Tools of the Trade: Poetic Inspirations
by Kelly Virgin
At Continuity this past weekend we began our thinking by reading and reflecting on poetry. After looking at several poems, we were given a few minutes to write about whatever came to mind. The last stanza of “Famous” by Naomi Shihab Nye instantly inspired me to write. I borrowed her last lines and continued with my own:
I want to be famous in the way a pulley is famous, or a buttonhole, not because it did anything spectacular, but because it never forgot what it could do.
I can give first-class belly rubs and meandering, sun-filled walks that bring the wag of a tail and a tongue-filled smile.
I can wake up five minutes first to fill the house with the scent of brewed coffee and to present a steaming mug to my groggy but appreciative partner.
I can help a student believe in herself as a writer by praising her creativity and giving her space for voice and choice in my classroom.
Like the pulley and the buttonhole, my purposes are small and intimate, but in those moments, I become famous.
This brief spurt of inspiration and the thoughtful discussion that followed reminded me how vital poetry is as a writing tool. Since poetry packs so much meaning into so few words, it works well as a seed to spark ideas for personal writing. I have found that even my most hesitant writers find success when writing in response to poetry.
Early in the school year my students and I craft oral histories. In the weeks leading up to this assignment, I engage students in daily free writing and often rely on poetry to spark ideas. The following are just a few examples of how I do this.
Novels and memoirs in verse provide an ideal resource for memory writing. For example, this year we read excerpts from Out of the Dust by Karen Hesse and used her verse to start our own writing.
After reading and talking about “Boxes” I asked students to craft list poems about the keepsakes (real or hypothetical) that they hold onto. We started the same way Karen Hesse begins this narrative section: “In my closet are two boxes, the gatherings of my life.” After crafting these short list poems, I prompted my students to trade notebooks and mark two to three items in their writing partner’s poem that they wanted to know more about. The discussions were followed by a few more moments of quiet free-writing in which I asked students to focus on describing the memories, moments, and people connected to some of the items on their lists. This year students returned to this freewrite to craft oral histories about a photo album, a necklace gifted from an absent father, an out-grown first pair of Jordans, and a parent’s faded and bent Resident Card.
I followed a similar writing routine in response to Hesse’s “Thanksgiving List”. After reading and discussing the excerpt, I invited students to brainstorm their own special occasion list poems. In just a few moments, students crafted Christmas List, Birthday List, Quinceañera List, and many others. Once we shared our poem brainstorms with each other, I gave students time to return to their lists and pull out three to five details that they felt were essential to the occasion. They then wrote again, focusing on those details and the specific memories or moments attached to each. This year students returned to this freewrite to create oral histories about the Christmas morning they received their four-wheeler, a final birthday with a grandparent, a first visit to Mexico, and dress shopping for a Quinceañera gown.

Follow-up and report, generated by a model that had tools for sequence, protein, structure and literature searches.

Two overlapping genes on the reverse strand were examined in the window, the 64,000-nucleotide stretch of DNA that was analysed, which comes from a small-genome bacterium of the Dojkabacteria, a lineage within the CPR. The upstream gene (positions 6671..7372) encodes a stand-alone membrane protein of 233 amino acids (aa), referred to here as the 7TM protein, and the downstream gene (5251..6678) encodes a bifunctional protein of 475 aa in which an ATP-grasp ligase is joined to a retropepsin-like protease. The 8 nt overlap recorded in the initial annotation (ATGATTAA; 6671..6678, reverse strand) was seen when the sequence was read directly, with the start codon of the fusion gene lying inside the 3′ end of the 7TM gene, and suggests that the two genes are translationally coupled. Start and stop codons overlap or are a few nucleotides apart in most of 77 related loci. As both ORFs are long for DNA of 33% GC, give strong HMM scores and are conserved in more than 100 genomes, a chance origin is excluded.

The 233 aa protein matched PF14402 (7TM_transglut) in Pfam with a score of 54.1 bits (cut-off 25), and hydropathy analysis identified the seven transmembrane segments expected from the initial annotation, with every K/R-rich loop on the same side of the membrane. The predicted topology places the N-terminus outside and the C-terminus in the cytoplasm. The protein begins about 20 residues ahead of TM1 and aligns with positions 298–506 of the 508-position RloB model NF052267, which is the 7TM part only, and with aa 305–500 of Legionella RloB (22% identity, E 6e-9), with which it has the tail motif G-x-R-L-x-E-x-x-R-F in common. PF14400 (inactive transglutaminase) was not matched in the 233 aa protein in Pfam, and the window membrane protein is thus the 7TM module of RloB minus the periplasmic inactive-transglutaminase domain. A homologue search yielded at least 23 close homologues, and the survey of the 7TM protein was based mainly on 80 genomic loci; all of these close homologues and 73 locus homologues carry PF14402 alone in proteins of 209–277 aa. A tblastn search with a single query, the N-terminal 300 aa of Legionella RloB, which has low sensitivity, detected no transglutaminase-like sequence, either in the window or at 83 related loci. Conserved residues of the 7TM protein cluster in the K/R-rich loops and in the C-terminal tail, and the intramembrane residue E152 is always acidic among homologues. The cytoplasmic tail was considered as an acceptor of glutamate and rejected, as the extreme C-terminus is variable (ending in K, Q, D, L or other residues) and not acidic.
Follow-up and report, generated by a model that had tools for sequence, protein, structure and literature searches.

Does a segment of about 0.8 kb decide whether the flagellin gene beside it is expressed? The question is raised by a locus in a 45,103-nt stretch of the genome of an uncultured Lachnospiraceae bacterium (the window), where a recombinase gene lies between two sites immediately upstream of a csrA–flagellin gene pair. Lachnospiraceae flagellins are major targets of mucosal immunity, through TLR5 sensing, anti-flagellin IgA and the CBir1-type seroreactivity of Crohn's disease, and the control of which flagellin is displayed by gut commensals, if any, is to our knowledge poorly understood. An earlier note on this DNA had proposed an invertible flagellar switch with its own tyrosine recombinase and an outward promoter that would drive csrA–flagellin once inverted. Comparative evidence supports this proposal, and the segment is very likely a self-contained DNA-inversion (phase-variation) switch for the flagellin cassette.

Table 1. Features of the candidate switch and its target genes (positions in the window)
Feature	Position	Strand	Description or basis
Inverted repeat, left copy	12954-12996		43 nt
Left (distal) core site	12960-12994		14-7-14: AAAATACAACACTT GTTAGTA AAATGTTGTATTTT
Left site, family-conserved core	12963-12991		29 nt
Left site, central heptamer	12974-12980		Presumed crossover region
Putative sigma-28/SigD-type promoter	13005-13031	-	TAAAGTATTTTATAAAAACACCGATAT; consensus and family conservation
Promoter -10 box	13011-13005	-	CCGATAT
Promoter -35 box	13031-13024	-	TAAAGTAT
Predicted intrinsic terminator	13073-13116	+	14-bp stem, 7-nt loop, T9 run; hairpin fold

In an effort to get students to tap into memories tied to certain emotions, I also read many lyric poems with them. This year, for example, I shared “Sometimes I Cry” by Tupac Shakur. Before reading the poem, I had students create an emotions hand map, in which they traced their hands on blank sheets of paper in their writer’s notebooks and labeled each finger with a different emotion. Then we read and briefly discussed Tupac’s poem.
With the poem’s opening lines in mind, I invited students to write off of each finger by starting with the physical reaction to the emotion. For example, off of happy a student may write “sometimes I smile.” Fear may spark a student to write “sometimes I tremble.” Excited may result in “sometimes I scream” or “sometimes I cheer.” After the physical descriptions were crafted, students spent several quiet minutes writing about memories of times that they have smiled or trembled or cheered. We often returned to this poem and these hand maps to add more memories when we had a few extra minutes to fill. This year students were inspired by this freewrite to tell stories about the anxiety of waiting for news about a greencard, the excitement of water-skiing across a bay, the fear of dealing with a sick parent, and the happiness of reuniting with family.
Even if every student wasn’t able to return to one of these poetic brainstorms to find inspiration for their final writing, all were able to use the poems to tap into deeper and more meaningful parts of themselves as writers. And for this reason, the poem is and will remain a famous writing tool in my classroom.
Kelly Virgin is in her twelfth year teaching English for the Kennett Consolidated School District and has been a PAWLP fellow since 2010. She is a proud bookworm and loves sharing her passion for reading and writing with her students. This spring she will facilitate the Strategies for Teaching Literature course on Tuesday evenings.